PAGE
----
Anemia is a condition in which the body lacks enough healthy red blood cells to carry the required amount of oxygen to the body’s tissue and organs. Anemia leads to the patient feeling weak and tired.
The role of the red blood cells is to carry oxygen from the lungs to the body’s organs and tissues and transport carbon dioxide from the body’s organs and tissues to the lungs to be exhaled. They contain hemoglobin, which is an iron-rich protein that gives the red cells their color and helps with the transportation of oxygen.
Majority of the blood cells are produced in the bone marrow, and to produce the red cells and hemoglobin, the body needs vitamin B-12, iron, folate, and other nutrients.
The levels of healthy red blood cells can be low due to a number of reasons, such as:
- Lack of enough hemoglobin in the body
- The produced hemoglobin does not work correctly
- The red blood cells are broken down too quickly
- The body fails to make enough red blood cells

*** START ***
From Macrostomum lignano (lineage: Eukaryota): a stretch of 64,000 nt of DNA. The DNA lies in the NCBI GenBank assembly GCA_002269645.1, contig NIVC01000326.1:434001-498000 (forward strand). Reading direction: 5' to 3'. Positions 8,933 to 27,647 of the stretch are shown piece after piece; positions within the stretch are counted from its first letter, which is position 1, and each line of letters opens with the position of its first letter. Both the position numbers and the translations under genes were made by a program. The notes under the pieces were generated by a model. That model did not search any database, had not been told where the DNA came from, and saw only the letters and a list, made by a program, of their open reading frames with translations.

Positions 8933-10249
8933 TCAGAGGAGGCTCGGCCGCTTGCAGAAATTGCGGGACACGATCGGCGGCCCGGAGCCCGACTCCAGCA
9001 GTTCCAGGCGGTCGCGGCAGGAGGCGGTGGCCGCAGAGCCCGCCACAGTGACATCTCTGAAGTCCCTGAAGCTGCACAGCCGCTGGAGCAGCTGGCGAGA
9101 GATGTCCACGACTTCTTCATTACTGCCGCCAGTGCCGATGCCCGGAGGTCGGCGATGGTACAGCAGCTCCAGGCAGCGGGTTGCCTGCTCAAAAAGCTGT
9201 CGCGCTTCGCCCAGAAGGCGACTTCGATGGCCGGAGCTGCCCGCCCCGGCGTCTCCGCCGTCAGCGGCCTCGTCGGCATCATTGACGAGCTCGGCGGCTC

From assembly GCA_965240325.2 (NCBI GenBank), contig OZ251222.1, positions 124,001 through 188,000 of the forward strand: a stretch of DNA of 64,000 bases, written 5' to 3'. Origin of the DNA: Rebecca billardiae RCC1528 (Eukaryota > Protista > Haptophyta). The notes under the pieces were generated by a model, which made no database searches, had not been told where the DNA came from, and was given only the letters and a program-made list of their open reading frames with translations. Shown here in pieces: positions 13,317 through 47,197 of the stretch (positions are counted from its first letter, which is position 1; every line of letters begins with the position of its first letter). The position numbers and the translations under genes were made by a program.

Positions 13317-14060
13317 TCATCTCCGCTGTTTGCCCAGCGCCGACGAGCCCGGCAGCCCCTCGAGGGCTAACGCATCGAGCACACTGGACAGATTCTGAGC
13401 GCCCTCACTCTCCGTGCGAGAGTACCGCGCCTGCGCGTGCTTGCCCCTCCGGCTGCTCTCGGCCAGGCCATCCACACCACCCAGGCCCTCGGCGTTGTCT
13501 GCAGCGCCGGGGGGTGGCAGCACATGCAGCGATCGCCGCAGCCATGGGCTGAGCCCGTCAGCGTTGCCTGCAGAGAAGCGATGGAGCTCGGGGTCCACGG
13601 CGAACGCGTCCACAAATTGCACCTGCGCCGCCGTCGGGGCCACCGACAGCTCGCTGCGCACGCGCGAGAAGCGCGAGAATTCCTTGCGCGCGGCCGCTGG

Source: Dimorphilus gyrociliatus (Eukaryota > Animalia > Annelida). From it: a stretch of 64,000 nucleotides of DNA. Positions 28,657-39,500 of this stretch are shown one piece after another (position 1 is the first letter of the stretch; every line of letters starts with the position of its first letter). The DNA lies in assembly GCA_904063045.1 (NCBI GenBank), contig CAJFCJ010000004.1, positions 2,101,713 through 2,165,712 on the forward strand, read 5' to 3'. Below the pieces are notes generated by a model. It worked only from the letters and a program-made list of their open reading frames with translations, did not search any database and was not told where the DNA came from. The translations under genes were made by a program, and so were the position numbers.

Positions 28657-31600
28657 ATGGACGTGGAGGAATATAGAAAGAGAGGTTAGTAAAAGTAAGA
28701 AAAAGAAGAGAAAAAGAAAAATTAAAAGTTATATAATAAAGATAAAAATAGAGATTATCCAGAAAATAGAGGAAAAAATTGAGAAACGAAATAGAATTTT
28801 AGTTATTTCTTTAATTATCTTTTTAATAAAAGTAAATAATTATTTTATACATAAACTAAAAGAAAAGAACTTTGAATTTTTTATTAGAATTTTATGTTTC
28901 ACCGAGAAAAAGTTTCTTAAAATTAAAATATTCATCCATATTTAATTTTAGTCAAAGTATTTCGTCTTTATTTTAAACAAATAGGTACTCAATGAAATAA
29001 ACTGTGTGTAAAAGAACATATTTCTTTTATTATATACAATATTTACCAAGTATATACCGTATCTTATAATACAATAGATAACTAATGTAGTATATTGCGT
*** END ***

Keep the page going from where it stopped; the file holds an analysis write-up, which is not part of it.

Causes of Anemia
Causes of anemia depend on the type of anemia a patient has but the major cause is lack of enough red blood cells in the body. The causes can be divided into two; factors that decrease red blood cell production and factors that increase red blood cells destruction.
Factors that decrease red blood cell production include:
- Inadequate dietary intake of vitamin B-12, iron, or folate
- Inadequate stimulation of the production of red blood cells by the erythropoietin hormone which is produced in the kidneys
Hemorrhaging is the major factor that causes the increase of red blood cells destruction and it can be due to:
- Genetic disorders such as sickle cell anemia, thalassemia, or glucose-6 phosphate dehydrogenase (G6PD) deficiency